Among its arguments, the state claims there is no evidence that the state intentionally drew discriminatory maps. Attorney General Greg Abbott accuses the court of relying on circumstantial evidence focused on party affiliation, rather than race. The brief also argues there is "no direct evidence" the Texas legislature was motivated by "a discriminatory purpose."

Under the voting rights act, Texas is required to have any changes to election law precleared by either the Department of Justice, or the district court. Abbott opted to submit the maps directly to the court, rather than the DOJ. The brief filed today also includes a request that the court consider the constitutionality of Section 5 of that act.

The Supreme Court will now have to decide if it will hear the case. In the meantime, interim maps drawn up by a three-judge panel in San Antonio will be used in the November 6 election. If Abbott’s appeal is granted, the maps drawn up last session will be used until the next census. If it is denied, the state legislature will take up redistricting once again when the session convenes in January.

Attorney General Abbott released this statement, today:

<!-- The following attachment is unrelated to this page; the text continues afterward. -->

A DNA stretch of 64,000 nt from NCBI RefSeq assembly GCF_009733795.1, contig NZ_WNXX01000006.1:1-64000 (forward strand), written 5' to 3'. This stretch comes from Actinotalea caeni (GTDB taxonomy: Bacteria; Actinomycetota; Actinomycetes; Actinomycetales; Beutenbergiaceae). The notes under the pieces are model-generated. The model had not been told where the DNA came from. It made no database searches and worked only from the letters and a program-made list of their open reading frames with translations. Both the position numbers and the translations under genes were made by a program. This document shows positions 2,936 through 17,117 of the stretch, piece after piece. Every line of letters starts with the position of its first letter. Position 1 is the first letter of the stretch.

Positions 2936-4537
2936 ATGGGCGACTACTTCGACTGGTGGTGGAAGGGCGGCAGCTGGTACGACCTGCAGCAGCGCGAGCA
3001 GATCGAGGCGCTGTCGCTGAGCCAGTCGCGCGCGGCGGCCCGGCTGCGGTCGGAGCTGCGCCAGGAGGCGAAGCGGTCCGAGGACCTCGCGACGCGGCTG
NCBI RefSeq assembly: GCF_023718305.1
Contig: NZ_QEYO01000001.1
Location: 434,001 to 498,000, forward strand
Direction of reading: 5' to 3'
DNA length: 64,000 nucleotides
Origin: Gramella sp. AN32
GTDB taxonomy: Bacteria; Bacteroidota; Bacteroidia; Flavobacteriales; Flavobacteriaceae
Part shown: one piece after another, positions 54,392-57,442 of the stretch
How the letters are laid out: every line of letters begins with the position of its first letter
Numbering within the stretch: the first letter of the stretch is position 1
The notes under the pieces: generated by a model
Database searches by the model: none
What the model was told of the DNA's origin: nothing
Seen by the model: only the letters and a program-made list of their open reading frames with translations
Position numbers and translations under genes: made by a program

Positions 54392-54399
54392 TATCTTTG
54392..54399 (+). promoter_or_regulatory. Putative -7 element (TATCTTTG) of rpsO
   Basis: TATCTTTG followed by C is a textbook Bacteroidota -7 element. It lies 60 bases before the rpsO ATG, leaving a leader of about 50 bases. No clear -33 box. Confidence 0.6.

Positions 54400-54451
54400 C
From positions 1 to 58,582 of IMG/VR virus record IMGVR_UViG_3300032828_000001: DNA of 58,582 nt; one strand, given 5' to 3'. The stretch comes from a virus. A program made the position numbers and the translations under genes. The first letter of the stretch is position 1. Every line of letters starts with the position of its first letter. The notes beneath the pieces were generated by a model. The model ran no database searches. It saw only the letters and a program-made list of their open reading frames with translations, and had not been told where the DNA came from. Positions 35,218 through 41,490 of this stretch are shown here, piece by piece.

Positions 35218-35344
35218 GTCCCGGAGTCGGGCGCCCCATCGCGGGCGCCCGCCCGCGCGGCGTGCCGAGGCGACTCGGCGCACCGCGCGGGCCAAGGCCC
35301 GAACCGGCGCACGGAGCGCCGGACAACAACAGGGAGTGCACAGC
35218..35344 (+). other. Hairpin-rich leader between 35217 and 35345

"The State of Texas is appealing this case because the lower court improperly extended the Voting Rights Act beyond the limits imposed by the Constitution and created new standards that have never been recognized by the U.S. Supreme Court. The maps enacted by the Texas Legislature satisfy all necessary legal requirements, so the judges in Washington, D.C. simply created new requirements in an attempt to justify their rejection of Texas’ maps. In order to ensure the Texas Legislature’s maps apply to the next election cycle, the State is asking the U.S. Supreme Court to hear the case and override the lower court’s flawed decision during the Court’s current term."

Here is the full brief:

Abbott: We were offended by the court’s decision



YNN’s Paul Brown caught up with Texas Attorney General Greg Abbott after speaking to the Texas Delegation Wednesday morning.

Abbott commented on the decision made by a federal appeals court in Washington D.C. Tuesday to reject the most recent legislative district maps.

“We were offended by yesterday’s decision because it goes beyond the outer bounds of where redistricting law had been before, and we believe it actually contradicts what the U.S. Supreme Court said earlier this year,” he said.

Abott says he believes the Supreme Court will overturn the decision made by the three-panel judge but says he doesn’t think it will have any effect on the upcoming general election.

“I don’t think anyone has to be concerned about either elections or districts right now because the elections this November will take place based upon the interim maps,” he said.

As to Abbott’s political future, he said he’s focused on the campaign to elect Mitt Romney because he said this election will not only affect us but also the next generation.

He said Wednesday’s crowd was, “fired up to vote Mitt Romney in and get Barack Obama out.”

Check out the video above to see what more Abbott had to say.